A top Pakistani general claimed recently that the Taliban have been driven from a region in the northwest that has served as an al Qaeda and Taliban haven for the past nine years.
The Taliban and al Qaeda have been defeated in the tribal agency Bajaur after a two-month-long offensive that began in January, according to Major General Tariq Khan, the commander of Pakistan’s Frontier Corps.
“The militant command and control centres and their caches have been dismantled or captured,” Khan told The Sunday Times.
“We have now cleared this area till the Afghan border, military operation is in its final stages and policing has been started,” Khan told Dawn.
Khan claimed that the Taliban in Bajaur have suffered significant casualties over the past two months, with 75 fighters killed and 76 detained, and another 364 fighters who surrendered. He also claimed that the Taliban have lost more than 2,200 fighters in combat in Bajaur since 2008, while the military have lost only 149 troops there.
The Taliban and al Qaeda were dug into a series of caves and ridges in the Damadola region in Bajaur, Khan told Dawn. He also declared that the Taliban leadership has been smashed in Bajaur and has fled.
“There were Egyptians, Uzbeks, Chechens and Afghans killed in the operation,” Khan said. “Al Qaeda was there. They had occupied the ridges. There were 156 caves designed as a defensive complex.”
“Now their leadership does not exist. Twenty-five per cent of them have gone to Afghanistan, 15 per cent have gone back to Swat and other native areas,” Khan stated.
Major General Khan’s claim that the Taliban have been crushed in Bajaur comes one year and one day after he previously claimed the Taliban were defeated there.
“They have lost,” Khan told reporters on March 1, 2009, after a brutal campaign that began in August 2008 was declared to have ended. “Their resistance has broken down. We think we have secured this agency. The Taliban have lost their cohesion.”
But the Taliban continued to exert control in Bajaur during 2009, killing tribal leaders who dared to work with the Pakistani government and military.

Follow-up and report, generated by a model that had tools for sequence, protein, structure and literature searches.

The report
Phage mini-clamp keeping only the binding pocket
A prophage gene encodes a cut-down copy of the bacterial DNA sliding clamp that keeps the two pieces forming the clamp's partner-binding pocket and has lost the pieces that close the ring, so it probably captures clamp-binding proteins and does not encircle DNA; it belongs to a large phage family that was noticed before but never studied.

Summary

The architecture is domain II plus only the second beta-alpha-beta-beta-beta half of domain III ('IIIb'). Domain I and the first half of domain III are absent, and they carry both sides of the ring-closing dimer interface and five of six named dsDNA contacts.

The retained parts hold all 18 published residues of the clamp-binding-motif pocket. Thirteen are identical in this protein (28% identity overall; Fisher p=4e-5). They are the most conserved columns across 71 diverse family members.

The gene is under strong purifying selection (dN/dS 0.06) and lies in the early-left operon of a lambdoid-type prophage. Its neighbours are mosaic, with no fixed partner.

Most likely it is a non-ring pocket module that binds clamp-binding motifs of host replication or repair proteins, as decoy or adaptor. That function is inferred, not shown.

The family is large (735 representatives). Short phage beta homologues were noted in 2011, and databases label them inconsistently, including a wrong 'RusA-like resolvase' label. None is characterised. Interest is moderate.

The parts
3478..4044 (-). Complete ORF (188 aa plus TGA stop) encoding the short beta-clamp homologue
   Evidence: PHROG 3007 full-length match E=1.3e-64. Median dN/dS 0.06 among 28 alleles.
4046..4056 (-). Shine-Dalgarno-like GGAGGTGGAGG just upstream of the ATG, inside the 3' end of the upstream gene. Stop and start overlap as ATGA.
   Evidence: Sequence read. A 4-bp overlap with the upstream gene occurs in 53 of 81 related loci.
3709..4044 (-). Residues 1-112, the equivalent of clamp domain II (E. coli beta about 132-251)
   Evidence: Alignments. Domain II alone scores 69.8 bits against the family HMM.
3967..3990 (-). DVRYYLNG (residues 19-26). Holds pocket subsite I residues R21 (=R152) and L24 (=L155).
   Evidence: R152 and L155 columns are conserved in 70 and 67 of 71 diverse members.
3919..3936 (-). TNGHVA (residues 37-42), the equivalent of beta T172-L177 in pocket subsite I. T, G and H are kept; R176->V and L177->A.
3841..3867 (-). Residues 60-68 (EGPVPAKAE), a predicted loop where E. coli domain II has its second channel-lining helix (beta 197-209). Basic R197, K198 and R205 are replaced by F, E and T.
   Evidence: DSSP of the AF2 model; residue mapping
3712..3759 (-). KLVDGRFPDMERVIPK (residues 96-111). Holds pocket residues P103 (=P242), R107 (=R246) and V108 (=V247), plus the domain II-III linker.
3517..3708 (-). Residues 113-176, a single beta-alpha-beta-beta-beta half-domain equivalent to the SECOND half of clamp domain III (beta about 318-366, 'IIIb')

Taliban “no longer significant” in the tribal areas: Khan
Major General Khan also claimed in his recent interview that the Movement of the Taliban in Pakistan has been defeated throughout the tribal areas after a series of operations that began in October 2009 in South Waziristan.
“The kind of hits the leadership has taken, the casualties they have taken, the TTP [the Tehreek-e-Taliban Pakistan, or the Movement of the Taliban in Pakistan] is no longer significant,” he told The Sunday Times. “It has ended as a cohesive force. It doesn’t exist any more as an umbrella organization that can influence militancy anywhere.”
The Pakistani Taliban have suffered setbacks in Pakistan’s northwest over the past year, primarily in Swat, a settled district outside of the tribal areas, when the military launched a major operation in April 2009. The military also claimed to have successfully driven out the Taliban in the Mehsud tribal areas following the operation that began in October 2009.
But the Taliban maintain a significant presence in the tribal areas, including in the Wazir regions in the western areas of South Waziristan, and in North Waziristan, Arakzai, Khyber, Kurram, and Mohmand. The Taliban in the Mehsud tribal areas in the eastern region of South Waziristan conducted a tactical retreat and resettled in North Waziristan, Arakzai, Kurram, and Khyber.
The military has launched limited operations in Kurram and Khyber over the past four months but has failed to dislodge the Taliban. Khan, who claimed in October 2009 that operations in Khyber were successful in defeating the Taliban, said today that a new operation would be launched there as well as in neighboring Arakzai.
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